In Cape Town, Cosatu general secretary Zwelinzima Vavi said Cabinet ministers who did nothing to prevent the current electricity crisis should be forced to resign if workers lose their jobs as a result.
Addressing more than 3 000 demonstrators who had marched to Parliament in protest against the crisis, Vavi said it was unfair to expect workers to pay for mistakes committed by others.
“Should a single worker lose a job as a result of their mistake of not investing in new power generation, we will be asking that the ministers must all go,” he said.
It was highly irresponsible for the government to turn a blind eye to the plight of the poor who are already struggling with other challenges such as food and petrol hikes.
The fact that the government had not bothered to come up with measures to assist the poor but instead allowed Eskom to hike electricity prices clearly demonstrated that it did not have the interest of the working class at heart, said Vavi.
“As if our government does not know that, they are now imposing a 27% increase on electricity prices,” he said.
It was precisely because of the indifference shown by Cabinet ministers towards the poor that most of them were removed from ANC leadership positions, he said. “The government ministers have proven their inefficiency beyond no reasonable doubt.”
Singing liberation struggle songs and chanting anti-government slogans, the marchers responded with excitement when Vavi bade farewell to President Thabo Mbeki as his presidential term neared an end. “The workers will not miss you,” he said.
He threatened that Cosatu would embark on further devastating strikes if the government failed to come up with measures to assist the poor. “If you do not do that, within the necessary speed we will be back,” he said.
Certain newly elected ANC leaders who had suggested that there would be no change in economic policy under a Zuma-led government were also not spared from Vavi’s attack.
“We are simply sick and tired of getting a message from leaders we elected in Polokwane that there will be nothing changing in economic policies—we did not vote for non-change,” he said.
The federation’s memorandum was received by officials from the government, Eskom and Parliament.
Free State and Northern Cape
In the Free State, thousands of workers protested against high electricity prices in the gold-fields region.
The provincial secretary of Cosatu in the Free State, Sam Mashinini, said the protest march in Welkom by an estimated 10 000 people went well.
Workers were initially slow to gather in Thabong, Welkom, for the protest march, which ended at the Matjhabeng municipality buildings in Welkom where a representative of Eskom received their memorandum.
In Bloemfontein, the national call for protest action seemed to have had little or no effect as transport and business structures ran normally.
The operational manager for administration at Interstate Bus Lines in Bloemfontein, Derek Cilliers, said 20% of its drivers were taking part in the national stayaway. It is the biggest commuter transport bus company in the bigger Bloemfontein area.
In other smaller centres in the Free State there were no visible indications of any protests.
In Kimberley in the Northern Cape, about 10 000 workers also marched to the Eskom offices to hand over a memorandum.
No incidents were reported in the two provinces.
North West and Eastern Cape
About 15 000 Cosatu members protested against rising prices and handed over their memorandum to a government official in Klerksdorp, North West.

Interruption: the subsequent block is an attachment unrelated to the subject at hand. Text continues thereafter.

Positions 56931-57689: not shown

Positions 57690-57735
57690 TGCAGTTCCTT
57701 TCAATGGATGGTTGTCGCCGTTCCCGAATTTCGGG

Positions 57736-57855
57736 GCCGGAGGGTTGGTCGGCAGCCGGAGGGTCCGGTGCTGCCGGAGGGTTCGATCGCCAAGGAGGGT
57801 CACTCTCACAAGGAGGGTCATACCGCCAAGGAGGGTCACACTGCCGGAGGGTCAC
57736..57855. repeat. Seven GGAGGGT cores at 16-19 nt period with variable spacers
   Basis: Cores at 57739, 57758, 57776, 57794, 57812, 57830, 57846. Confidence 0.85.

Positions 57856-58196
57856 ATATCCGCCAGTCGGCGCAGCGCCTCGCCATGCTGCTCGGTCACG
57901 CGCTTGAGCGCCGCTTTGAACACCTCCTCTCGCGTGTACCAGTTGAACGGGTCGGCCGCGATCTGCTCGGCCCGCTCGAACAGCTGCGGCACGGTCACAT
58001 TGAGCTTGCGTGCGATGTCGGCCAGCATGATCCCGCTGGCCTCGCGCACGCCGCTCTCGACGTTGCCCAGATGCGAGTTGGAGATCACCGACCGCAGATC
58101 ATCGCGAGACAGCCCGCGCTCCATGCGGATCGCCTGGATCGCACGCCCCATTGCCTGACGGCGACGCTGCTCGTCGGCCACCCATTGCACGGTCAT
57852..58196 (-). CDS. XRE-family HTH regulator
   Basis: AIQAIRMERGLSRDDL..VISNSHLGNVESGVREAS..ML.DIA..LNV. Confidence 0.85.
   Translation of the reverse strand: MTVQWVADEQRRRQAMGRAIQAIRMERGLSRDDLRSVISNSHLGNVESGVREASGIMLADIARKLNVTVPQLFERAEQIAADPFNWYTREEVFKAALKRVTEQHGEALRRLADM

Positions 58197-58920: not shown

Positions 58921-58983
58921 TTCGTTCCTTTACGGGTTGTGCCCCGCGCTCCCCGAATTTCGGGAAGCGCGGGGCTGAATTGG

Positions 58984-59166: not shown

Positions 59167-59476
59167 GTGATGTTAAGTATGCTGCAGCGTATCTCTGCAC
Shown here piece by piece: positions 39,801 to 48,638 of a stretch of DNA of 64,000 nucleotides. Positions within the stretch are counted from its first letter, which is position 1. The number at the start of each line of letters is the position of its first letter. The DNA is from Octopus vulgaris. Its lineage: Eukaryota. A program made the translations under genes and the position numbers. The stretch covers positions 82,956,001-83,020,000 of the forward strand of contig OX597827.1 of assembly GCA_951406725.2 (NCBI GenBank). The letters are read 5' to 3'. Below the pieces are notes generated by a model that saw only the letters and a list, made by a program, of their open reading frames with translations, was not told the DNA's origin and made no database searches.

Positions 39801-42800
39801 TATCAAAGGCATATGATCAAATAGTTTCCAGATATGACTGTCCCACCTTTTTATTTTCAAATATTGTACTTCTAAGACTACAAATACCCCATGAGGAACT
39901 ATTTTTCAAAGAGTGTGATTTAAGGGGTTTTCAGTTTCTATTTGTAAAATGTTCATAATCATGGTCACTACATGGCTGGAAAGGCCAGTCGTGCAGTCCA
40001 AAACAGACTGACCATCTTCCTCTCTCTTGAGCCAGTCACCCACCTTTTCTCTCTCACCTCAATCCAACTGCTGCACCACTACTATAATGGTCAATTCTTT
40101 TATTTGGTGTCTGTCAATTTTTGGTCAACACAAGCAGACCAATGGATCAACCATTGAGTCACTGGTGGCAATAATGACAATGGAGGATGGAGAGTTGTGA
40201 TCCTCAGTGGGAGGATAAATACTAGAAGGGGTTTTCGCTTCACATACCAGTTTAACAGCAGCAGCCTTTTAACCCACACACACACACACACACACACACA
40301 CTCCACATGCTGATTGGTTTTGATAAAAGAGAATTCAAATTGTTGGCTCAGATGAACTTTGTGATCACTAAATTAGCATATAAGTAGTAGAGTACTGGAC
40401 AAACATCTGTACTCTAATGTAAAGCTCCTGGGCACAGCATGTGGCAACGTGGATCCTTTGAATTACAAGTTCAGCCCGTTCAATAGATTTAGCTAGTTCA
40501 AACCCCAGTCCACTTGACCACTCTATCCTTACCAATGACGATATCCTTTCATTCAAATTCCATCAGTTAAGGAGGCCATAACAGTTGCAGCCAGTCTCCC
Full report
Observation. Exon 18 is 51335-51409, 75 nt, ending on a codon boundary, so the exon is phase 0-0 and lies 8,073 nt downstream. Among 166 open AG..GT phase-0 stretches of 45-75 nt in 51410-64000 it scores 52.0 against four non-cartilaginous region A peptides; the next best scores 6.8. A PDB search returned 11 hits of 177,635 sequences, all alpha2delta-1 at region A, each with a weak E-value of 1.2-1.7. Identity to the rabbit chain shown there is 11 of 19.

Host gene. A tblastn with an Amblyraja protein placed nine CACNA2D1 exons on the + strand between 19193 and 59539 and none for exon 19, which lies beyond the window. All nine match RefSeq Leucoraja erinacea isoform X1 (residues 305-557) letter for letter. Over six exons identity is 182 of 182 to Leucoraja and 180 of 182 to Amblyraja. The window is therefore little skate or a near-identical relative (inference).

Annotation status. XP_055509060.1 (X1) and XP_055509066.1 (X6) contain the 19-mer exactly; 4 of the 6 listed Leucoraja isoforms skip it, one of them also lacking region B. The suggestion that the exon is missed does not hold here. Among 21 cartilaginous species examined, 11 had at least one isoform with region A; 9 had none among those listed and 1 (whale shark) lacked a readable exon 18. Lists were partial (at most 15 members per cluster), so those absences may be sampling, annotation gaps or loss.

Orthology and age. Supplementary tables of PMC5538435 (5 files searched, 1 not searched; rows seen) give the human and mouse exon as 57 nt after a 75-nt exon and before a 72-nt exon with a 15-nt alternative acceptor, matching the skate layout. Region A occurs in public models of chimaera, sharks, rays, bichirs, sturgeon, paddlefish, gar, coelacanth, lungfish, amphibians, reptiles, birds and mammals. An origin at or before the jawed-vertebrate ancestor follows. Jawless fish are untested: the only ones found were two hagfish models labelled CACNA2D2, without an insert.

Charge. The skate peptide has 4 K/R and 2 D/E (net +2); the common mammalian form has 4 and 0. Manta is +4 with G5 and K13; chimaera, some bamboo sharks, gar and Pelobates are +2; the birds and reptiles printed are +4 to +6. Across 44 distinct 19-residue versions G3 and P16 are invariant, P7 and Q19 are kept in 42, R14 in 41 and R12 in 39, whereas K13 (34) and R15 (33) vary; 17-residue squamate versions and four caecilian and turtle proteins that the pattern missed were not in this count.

“It was a quiet march with no violent incidents reported. The MEC [provincial minister] for transport, roads and community safety, Frans Phenye Vilakazi, received the memorandum,” said spokesperson Superintendent Lesego Metsi.
In the Eastern Cape, close to 5 000 protesters participated in the Port Elizabeth leg of the nationwide strike, police said.
“About 5 000 people were protesting from Nangoza Jebe to the city hall, peacefully with no violent incidents reported,” said spokesperson Inspector Hazel Mqala.
She said the marchers were addressed at the city hall by Cosatu leaders.
Port Elizabeth Cosatu chairperson Phumzile Nondongwe earlier complained about taxis that were transporting people to town on Wednesday morning, contrary to an agreement that they would not operate.
“We noticed that few taxis were working—transporting people to town. We raised that with owners and they stopped it immediately because that was not what we had agreed on.”
The city’s main roads—Msimka and Mtshekisa and Govan Mbeki streets—remained closed.
Limpopo and Mpumalanga
More than 10 000 protesters in Polokwane dispersed after handing over memorandums of grievances to Anglo Platinum and Eskom, a Cosatu official said.
“There were over 10 000 people and the memorandums have been handed over,” provincial secretary Jan Tsiane said at about 3pm.
The protesters were from all sectors of the economy including farm and metal workers, miners and municipal employees.
He said the memorandums reiterated previous calls that workers and the poor should not bear the brunt of rising food, fuel and electricity prices.
Cosatu was also calling for a moratorium on retrenchments as a result of rising prices.
“The mining industry was the first to say they would consider reducing staff,” he said.
Tsiane said the issue of the expansion of mining operations, which would force communities to relocate, was also raised. “We are calling for provincial dialogue on mining,” he added.
He said environmental impact assessments had to be done and social responsibility needed to be addressed in order for the developmental objectives of the province to be met.
More than 4 000 workers arrived for the Cosatu protest march in Witbank, Mpumalanga, police said earlier in the day. “A total of between 4 000 and 5 000 protesters turned up at Lynville Park stadium and some are still arriving.”
Spokesperson Superintendent Izak van Zyl said the gathering was peaceful with no violent incidents reported amid a strong presence of police officers. “We have 110 officers from different towns of the province monitoring the situation the whole day.”
Cosatu’s Mpumalanga secretary, Norman Mokoena, said marchers were to hand over their memorandum to Eskom management and provincial government officials.
“The march is successful with the main shops, factories and mines closed. The stayaway has hit the companies hard,” said Mokoena.